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Provincial government creates abandoned-camp cleanup fund for Chilliwack River Valley

$200K will go to FVRD fund to cover tipping fees for garbage, removing vehicles, garbage bin rentals
Volunteers haul trash up a steep incline from a Sweltzer Creek homeless camp under the Vedder River bridge on Jan. 29, 2023. (Streams Foundations Canada)

The provincial government announced $200,000 in new funding on Wednesday (March 8) to assist with cleanups of abandoned homeless camps in the Chilliwack River Valley.

Several volunteer-led cleanups in recent months effectively removed thousands of pounds of abandoned belongings, stolen items, and hazardous materials off the riparian zones of the Chilliwack-Vedder river system. Volunteers have been calling on the province, and federal officials to help them with funding the cleanups.

“We’re investing in this cleanup to ensure that the sensitive environmental areas of the Chilliwack River shores are kept in a natural state and that there is no litter or waste for the high waters of spring runoff to pick up,” said Kelli Paddon, MLA for Chilliwack-Kent. “We appreciate the local efforts of volunteer groups who have been a great asset in keeping these areas clean, but we know we need to do more.”

The $200,000 will go to the Fraser Valley Regional District (FVRD) to create a fund to cover tipping fees for garbage, removal of vehicles or garbage bin rentals.

Chilliwack resident Ross Aikenhead until recently was one of the volunteers spearheading homeless camp cleanups. He quietly hauled trash out of the bush for 15 years, including helping clear out the area where they took 6,000 kilograms of trash off the riverbed on Sweltzer Creek on the Chilliwack River.

RELATED: Volunteer says he won’t undertake cleanups anymore

“It’s a step in the right direction,” Aikenhead said upon learning about the $200,000 just announced for abandoned camps. “But unless they are going to enforce existing laws and stop these encampments from setting up, it’s never going to end.”

The law states squatters have to leave the area of Crown land after 14 days but Aikenhead said there’s been a trailer up by Slesse Creek for seven years.

The fact that encampments - and the debris left behind - pose a risk to salmon habitat is not lost on the housing minister.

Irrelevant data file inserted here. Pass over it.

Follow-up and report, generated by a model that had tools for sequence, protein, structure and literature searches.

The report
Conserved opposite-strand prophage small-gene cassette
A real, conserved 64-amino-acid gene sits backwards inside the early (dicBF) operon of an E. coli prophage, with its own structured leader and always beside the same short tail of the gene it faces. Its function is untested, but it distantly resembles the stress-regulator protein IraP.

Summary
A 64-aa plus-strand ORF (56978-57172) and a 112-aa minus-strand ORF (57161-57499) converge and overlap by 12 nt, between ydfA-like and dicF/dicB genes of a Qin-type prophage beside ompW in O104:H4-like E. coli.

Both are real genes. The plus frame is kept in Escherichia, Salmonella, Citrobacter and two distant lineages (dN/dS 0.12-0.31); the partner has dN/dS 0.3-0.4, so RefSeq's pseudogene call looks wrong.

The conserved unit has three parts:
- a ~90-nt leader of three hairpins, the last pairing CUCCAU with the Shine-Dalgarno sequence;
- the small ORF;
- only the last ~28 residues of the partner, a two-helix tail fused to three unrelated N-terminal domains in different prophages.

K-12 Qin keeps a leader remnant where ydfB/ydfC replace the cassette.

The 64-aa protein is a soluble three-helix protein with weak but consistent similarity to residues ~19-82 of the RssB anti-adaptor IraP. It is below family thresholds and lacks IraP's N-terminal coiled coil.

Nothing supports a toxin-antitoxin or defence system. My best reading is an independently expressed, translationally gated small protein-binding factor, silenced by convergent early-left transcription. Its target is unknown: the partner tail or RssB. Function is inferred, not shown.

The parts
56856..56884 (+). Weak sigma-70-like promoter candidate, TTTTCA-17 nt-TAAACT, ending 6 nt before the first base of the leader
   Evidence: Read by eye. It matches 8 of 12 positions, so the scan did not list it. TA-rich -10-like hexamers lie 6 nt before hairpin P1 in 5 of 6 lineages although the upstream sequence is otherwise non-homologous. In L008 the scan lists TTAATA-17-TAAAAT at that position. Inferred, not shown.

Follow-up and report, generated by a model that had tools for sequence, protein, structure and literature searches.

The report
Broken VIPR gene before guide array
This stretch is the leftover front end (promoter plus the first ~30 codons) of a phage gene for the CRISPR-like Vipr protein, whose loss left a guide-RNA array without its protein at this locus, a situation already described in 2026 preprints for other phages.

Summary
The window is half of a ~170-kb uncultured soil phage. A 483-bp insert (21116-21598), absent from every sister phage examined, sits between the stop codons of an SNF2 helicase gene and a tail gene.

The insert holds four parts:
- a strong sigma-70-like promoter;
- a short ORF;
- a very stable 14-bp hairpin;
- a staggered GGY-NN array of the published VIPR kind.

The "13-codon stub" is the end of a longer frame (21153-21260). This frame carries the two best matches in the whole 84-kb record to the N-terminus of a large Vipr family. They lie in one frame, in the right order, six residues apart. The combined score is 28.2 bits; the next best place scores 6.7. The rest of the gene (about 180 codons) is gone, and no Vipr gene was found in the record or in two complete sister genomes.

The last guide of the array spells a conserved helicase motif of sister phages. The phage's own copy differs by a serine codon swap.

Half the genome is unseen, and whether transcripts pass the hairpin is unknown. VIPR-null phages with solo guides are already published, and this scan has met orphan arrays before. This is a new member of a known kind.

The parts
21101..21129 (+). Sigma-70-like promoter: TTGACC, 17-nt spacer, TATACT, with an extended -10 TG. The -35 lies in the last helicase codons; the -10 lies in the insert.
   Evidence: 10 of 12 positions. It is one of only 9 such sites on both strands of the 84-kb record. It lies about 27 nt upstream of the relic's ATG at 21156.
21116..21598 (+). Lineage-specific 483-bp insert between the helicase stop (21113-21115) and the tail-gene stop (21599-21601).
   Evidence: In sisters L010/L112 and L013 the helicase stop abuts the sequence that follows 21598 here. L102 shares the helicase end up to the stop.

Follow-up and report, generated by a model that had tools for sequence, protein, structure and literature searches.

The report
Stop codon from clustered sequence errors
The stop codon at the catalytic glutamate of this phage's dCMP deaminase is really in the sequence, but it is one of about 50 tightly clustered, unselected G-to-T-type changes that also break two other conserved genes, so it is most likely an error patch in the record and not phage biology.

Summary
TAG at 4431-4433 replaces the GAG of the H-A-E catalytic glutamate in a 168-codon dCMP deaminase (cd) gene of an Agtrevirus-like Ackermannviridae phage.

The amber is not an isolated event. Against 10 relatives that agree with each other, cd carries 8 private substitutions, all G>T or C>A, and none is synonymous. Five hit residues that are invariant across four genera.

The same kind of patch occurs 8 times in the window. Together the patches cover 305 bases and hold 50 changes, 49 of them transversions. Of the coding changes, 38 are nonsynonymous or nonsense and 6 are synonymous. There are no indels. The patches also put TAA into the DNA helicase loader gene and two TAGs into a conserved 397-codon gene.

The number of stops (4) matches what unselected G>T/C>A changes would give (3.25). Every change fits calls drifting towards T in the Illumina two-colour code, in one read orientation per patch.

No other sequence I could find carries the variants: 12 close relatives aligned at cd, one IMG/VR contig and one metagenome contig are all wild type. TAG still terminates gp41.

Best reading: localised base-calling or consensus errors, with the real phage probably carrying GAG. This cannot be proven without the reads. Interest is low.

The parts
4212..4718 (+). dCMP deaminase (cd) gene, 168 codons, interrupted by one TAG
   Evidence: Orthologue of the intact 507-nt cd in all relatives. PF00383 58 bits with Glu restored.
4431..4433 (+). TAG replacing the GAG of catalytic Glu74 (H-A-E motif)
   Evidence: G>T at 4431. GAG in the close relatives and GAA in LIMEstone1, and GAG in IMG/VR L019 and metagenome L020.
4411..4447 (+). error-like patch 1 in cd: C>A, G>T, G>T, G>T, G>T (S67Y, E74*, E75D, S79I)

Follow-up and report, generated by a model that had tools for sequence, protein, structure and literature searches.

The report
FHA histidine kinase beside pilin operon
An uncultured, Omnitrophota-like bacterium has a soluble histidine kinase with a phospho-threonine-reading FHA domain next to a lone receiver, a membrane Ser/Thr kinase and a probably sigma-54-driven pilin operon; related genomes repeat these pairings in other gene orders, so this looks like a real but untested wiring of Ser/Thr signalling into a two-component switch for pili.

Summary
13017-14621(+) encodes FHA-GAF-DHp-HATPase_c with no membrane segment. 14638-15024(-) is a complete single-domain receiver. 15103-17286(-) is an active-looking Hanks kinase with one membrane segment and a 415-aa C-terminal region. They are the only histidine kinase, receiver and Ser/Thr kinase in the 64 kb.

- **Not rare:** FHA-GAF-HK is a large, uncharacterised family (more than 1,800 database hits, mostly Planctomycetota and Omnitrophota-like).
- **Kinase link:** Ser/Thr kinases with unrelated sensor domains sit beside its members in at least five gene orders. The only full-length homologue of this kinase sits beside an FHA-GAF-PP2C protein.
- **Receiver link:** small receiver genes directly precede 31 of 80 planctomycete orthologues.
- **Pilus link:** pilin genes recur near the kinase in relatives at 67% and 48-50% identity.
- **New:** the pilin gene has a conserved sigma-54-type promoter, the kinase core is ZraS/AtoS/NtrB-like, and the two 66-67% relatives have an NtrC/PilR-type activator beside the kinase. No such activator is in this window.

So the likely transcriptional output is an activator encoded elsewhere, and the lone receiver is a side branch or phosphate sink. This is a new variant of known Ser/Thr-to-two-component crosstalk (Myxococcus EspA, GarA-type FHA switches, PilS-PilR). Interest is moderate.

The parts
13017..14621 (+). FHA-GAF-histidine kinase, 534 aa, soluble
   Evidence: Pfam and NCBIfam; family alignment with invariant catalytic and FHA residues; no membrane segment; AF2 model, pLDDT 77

“We know this is an especially sensitive area along the Chilliwack River, a salmon habitat, and we’re taking action to limit the risks of garbage and discarded belongings leaching into the ground or being swept away in the river,” said B.C. Housing Minister Ravi Kahlon. “We are taking action to find permanent housing options for people in need in Chilliwack and to ensure these natural areas remain intact and can be enjoyed by all.”

The issue of camps in the Chilliwack River Valley has been a vexing, complex challenge for many years, and the provincial release acknowledged it “requires a multi-agency approach” to be effective and stop the issue from “being moved elsewhere.”

RELATED: Thousands of pounds of garbage hauled up steep hill

There have been regular meetings between volunteers, the provincial ministry reps, local government and First Nations reps, to try to find long-term solutions to this ongoing issue.

“I am pleased to see collaboration in action after productive meetings with Minister Kahlon, MLA Paddon, FVRD chair Jason Lum and myself,” said Patti MacAhonic, FVRD electoral area E director. “The enthusiasm behind volunteers who dedicated endless hours to the cleanup of Crown land is praiseworthy. The FVRD appreciates this funding, it will make a real difference in the challenges we face for Crown land in our rural communities.”

The B.C. government takes the protection of human health and the environment seriously. To report illegal dumping or environmental violations call the Report All Poachers and Polluters (RAPP) line at 1-877-952-7277.

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Jennifer Feinberg

About the Author: Jennifer Feinberg

I have been a Chilliwack Progress reporter for 20+ years, covering the arts, city hall, as well as Indigenous, and climate change stories.
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